The most important life lessons we can learn
“Family comes first”, “don’t judge others” and “forgive and forget” are all pearls of wisdom picked up and taught by those who came before us. But have older generations had to learn these moral guidelines the hard way?
To find out how the nation’s over 50s have learnt some of life’s toughest lessons, the Amigo Loans team carried out an in-depth study of almost 2,000 Brits. From relationship advice to life regrets, we’ve compiled some of the most popular pieces of advice passed on from young to old. Listen up and grab a pen and paper… or should we say, mobile!
According to over 50s, matters of the heart are an area where Brits have made the most mistakes, with 39 per cent saying that they had learnt loves hardest lessons. Unsurprisingly, 40 per cent of survey respondents described having children to save a relationship as one of life’s poorest choices.
Those blessed with the wisdom of years also said that when it comes to our relationships, friendship is more important than sex (37 per cent) – and that if a relationship has to remain a secret, then you shouldn’t be in it.
Learning things the hard way
Our research found that many of those surveyed had taken the long road in some shape or form. Two hundred and fifty people (from two thousand respondents) said they were unhappy with the way things had turned out in their life, with 58 per cent of today’s older generation saying that they were given the wrong advice when growing up.
A further 19 per cent also said they had learned the hard way about jobs and careers.
Health and wellbeing
While we can’t deny that the younger generation has access to far more health information than the over 50s ever had, there are still a few pearls of wisdom that the older generation wants to pass on.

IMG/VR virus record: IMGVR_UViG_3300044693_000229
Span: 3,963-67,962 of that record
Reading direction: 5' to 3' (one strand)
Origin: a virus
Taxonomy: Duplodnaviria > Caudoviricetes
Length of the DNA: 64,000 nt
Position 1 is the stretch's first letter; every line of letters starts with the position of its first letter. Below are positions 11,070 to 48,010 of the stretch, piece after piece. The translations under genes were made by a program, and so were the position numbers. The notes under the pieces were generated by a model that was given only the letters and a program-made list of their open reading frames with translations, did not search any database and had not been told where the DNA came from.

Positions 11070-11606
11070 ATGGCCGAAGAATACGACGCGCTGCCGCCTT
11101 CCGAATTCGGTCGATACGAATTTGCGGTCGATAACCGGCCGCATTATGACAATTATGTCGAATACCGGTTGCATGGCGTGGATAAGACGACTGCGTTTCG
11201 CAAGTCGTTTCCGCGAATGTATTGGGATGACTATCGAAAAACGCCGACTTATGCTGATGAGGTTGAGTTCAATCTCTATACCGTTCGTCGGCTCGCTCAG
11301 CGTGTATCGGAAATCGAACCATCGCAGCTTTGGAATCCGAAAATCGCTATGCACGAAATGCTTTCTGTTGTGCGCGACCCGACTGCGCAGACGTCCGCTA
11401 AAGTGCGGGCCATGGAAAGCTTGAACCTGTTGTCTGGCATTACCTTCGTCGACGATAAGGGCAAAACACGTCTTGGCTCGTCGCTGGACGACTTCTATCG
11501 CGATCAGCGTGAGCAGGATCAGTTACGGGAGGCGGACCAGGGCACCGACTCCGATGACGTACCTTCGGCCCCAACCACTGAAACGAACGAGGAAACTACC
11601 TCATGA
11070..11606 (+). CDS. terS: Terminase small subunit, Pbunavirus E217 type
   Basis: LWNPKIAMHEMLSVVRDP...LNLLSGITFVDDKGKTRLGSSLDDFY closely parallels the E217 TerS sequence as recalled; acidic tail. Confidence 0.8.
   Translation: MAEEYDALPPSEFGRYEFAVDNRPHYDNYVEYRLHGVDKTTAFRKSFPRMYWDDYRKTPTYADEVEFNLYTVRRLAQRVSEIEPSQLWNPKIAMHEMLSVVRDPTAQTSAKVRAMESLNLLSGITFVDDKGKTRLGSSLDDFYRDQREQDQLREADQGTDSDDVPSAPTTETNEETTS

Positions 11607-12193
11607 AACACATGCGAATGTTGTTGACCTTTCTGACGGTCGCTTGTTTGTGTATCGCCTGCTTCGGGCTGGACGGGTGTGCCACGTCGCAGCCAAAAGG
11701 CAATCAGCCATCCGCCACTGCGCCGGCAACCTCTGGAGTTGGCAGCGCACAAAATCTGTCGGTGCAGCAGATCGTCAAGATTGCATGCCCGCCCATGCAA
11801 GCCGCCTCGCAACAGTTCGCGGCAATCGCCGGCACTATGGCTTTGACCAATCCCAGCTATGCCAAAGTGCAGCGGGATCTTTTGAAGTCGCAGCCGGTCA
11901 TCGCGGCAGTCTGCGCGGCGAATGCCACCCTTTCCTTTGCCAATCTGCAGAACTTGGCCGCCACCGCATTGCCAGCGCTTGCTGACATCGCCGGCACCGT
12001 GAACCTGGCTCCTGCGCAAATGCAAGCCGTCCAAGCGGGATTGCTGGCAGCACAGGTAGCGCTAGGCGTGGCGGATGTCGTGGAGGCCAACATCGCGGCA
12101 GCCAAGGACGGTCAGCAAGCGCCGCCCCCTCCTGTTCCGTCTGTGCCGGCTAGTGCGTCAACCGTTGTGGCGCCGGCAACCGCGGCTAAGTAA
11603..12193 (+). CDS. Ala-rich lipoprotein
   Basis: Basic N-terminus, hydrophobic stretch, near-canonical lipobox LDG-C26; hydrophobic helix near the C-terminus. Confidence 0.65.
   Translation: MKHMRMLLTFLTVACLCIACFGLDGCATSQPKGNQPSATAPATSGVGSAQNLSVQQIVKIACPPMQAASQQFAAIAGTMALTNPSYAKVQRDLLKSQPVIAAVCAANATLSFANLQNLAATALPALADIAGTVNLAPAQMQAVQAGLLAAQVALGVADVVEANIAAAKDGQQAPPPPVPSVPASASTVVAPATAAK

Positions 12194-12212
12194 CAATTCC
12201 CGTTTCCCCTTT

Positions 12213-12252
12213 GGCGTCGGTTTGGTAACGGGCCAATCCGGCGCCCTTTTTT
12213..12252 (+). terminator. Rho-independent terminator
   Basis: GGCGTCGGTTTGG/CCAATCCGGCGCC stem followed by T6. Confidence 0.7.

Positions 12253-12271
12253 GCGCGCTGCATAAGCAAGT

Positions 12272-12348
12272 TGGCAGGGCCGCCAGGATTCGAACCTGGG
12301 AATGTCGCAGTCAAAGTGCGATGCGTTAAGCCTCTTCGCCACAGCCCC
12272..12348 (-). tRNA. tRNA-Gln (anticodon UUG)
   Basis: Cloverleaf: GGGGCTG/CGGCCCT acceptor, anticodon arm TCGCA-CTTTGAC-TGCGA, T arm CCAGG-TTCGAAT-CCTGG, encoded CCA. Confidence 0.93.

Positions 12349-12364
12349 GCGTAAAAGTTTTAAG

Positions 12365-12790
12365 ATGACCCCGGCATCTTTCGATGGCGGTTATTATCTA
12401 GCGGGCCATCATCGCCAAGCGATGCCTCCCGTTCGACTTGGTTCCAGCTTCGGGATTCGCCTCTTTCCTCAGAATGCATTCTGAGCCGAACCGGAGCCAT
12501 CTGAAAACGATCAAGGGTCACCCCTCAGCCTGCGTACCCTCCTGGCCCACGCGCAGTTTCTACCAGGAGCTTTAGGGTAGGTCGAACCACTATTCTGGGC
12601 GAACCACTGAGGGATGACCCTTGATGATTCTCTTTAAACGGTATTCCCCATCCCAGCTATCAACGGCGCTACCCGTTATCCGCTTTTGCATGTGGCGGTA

Fifty four per cent of those surveyed said that looking after your teeth should be top of the younger generation’s priority list, with 24 per cent also concerned about the safety of their skin.
But it’s clear that those wise old owls have made some mistakes along the way, as 10 per cent admit that they have disregarded their health and wellbeing, with another 6 per cent confessing that they could have brought up their children better.
But it’s not all bad news. 91 per cent of those surveyed said that, despite learning lessons the hard way, they feel stronger and more empowered. It seems that the up and downs of life are part of the learning process, with 49 per cent saying that no one is in charge of your happiness except you.
Likewise, 33 per cent said that they have taken risks and accepted challenges in their life, with almost half (45 per cent) of those in the study admitting that, despite the challenges, they would live their lives again, even if they knew what they know now.
In fact, 25 per cent of the older generation admit to being extremely content with life, saying that they are very happy with how their life has turned out. 60 per cent said they are ‘quite happy’.
Here are a few other pearls of wisdom passed on from old to young: